Government officials are wracking their brains (hopefully) over how to close the gaps in their spending budgets. From the state level to the federal level, officials and politicians are facing tough decisions about which matters are crucial and which ones are not. The issues that are important will be included in those budgets, and politicians need to find the money to be able to provide them.
Government and business have a very interesting relationship. Not only can government be one of the biggest players in the business world, government can also be one of the biggest headaches. Unfortunately, we have to cover an issue that resides in the latter part of the spectrum.
It is being reported that not just the federal government, but nearly 35 states across the United States, are considering implementing a tax on advertising spending. As many of you have been taught or come to realize while practicing, advertising is not some additional benefit when being in business. No, advertising is a cost associated with doing business. Advertising can be likened to costs associated with capital expenditures and other costs that are incurred due to the action of being a business.
The No AdTax Illinois group is currently facing off against its State Legislature. The Gazette Chicago reported a case of the ad tax passing in Florida some years ago. The result? The article reports that 50,000 jobs were lost, advertising revenue fell $100 million dollars, and the services necessary to implement the tax cost more than the actual tax revenue, failing the cost/benefit analysis most business professionals would examine before making such a move.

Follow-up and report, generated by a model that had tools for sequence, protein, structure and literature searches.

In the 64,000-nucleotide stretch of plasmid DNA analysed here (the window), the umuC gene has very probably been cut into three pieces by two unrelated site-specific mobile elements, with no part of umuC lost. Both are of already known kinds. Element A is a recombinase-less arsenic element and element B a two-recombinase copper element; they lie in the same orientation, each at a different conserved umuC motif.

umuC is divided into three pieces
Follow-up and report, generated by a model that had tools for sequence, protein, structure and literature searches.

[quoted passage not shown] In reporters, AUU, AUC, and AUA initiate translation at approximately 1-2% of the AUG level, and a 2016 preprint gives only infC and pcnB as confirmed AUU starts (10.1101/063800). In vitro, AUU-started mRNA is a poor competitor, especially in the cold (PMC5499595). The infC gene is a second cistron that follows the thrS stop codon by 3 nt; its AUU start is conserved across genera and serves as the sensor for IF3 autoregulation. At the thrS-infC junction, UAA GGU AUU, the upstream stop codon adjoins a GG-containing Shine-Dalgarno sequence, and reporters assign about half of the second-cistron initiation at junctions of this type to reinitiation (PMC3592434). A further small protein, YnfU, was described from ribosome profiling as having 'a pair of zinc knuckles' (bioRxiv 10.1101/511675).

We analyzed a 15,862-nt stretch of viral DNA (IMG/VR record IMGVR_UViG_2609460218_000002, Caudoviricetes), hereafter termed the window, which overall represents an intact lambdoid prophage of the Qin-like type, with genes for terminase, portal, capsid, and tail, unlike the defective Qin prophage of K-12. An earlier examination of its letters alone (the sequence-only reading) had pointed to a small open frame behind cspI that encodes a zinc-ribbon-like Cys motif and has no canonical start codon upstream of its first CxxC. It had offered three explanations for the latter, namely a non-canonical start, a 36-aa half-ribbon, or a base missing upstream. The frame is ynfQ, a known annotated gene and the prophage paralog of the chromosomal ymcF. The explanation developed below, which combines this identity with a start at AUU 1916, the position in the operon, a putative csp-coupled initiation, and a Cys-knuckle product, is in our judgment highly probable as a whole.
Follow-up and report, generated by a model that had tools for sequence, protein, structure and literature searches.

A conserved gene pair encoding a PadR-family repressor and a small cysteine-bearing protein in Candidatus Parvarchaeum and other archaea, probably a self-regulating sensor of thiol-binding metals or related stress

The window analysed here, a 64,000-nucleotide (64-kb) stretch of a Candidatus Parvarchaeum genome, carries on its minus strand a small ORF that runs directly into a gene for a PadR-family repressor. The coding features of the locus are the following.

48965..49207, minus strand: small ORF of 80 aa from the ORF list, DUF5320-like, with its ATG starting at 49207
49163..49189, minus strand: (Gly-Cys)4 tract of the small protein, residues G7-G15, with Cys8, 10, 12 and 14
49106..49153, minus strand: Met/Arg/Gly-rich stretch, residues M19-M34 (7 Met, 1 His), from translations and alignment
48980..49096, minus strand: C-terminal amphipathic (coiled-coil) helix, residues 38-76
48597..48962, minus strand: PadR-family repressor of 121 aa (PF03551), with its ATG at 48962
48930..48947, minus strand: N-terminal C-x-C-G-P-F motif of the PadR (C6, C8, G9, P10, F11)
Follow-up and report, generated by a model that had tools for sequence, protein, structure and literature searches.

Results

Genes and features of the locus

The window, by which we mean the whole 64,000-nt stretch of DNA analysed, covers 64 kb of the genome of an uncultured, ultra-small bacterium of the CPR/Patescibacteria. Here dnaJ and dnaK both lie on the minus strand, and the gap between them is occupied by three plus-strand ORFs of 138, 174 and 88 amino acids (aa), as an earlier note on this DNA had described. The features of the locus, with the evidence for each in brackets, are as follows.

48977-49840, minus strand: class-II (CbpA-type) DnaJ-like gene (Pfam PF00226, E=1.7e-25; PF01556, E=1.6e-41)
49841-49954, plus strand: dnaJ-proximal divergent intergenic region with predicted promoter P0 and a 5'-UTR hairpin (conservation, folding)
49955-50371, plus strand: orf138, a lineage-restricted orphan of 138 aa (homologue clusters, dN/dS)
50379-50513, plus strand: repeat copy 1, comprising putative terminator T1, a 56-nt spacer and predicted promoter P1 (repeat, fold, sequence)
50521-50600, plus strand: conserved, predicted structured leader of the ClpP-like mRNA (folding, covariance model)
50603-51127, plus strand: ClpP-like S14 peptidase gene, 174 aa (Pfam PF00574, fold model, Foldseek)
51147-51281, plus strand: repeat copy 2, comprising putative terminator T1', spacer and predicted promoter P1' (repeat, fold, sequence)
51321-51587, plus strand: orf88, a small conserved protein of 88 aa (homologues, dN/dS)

The tax was repealed six months after it had passed.
"Those who fail to learn from history are doomed to repeat it." Don't be those guys, Illinois.
Though we do not feel the excessive amount of pressure to deliver services based on budgets that seem to shrink every year…
Wait, yes we do. Never mind.
As the advertising industry continues to flourish, and get back to numbers it once experienced before the Great Recession, now is not the time to implement an advertising tax. If the U.S. truly wants to create the business-friendly environment it claims to provide, choosing against an ad tax would be an action that speaks louder than the rhetoric.
Be those guys, Illinois.
As for the other states and the U.S., we know that you have constituents that refuse to pay more themselves for the services they want the government to provide. We understand that sentiment. But let our advocates — the ANA, 4A's, and AMA — educate you and the public about why an ad tax is not the best alternative. Let us be partners in examining how governments can close budget gaps while leaving AdLand unharmed.
*As a reminder, the thoughts and opinions of this post reflect that of the author and not of Talent Zoo Media. Deal with it.
Dwayne W. Waite Jr. is partner and principal at JDW: The Charlotte Agency, a marketing and advertising shop in Charlotte, NC. He enjoys consumer behavior, economics, and football.
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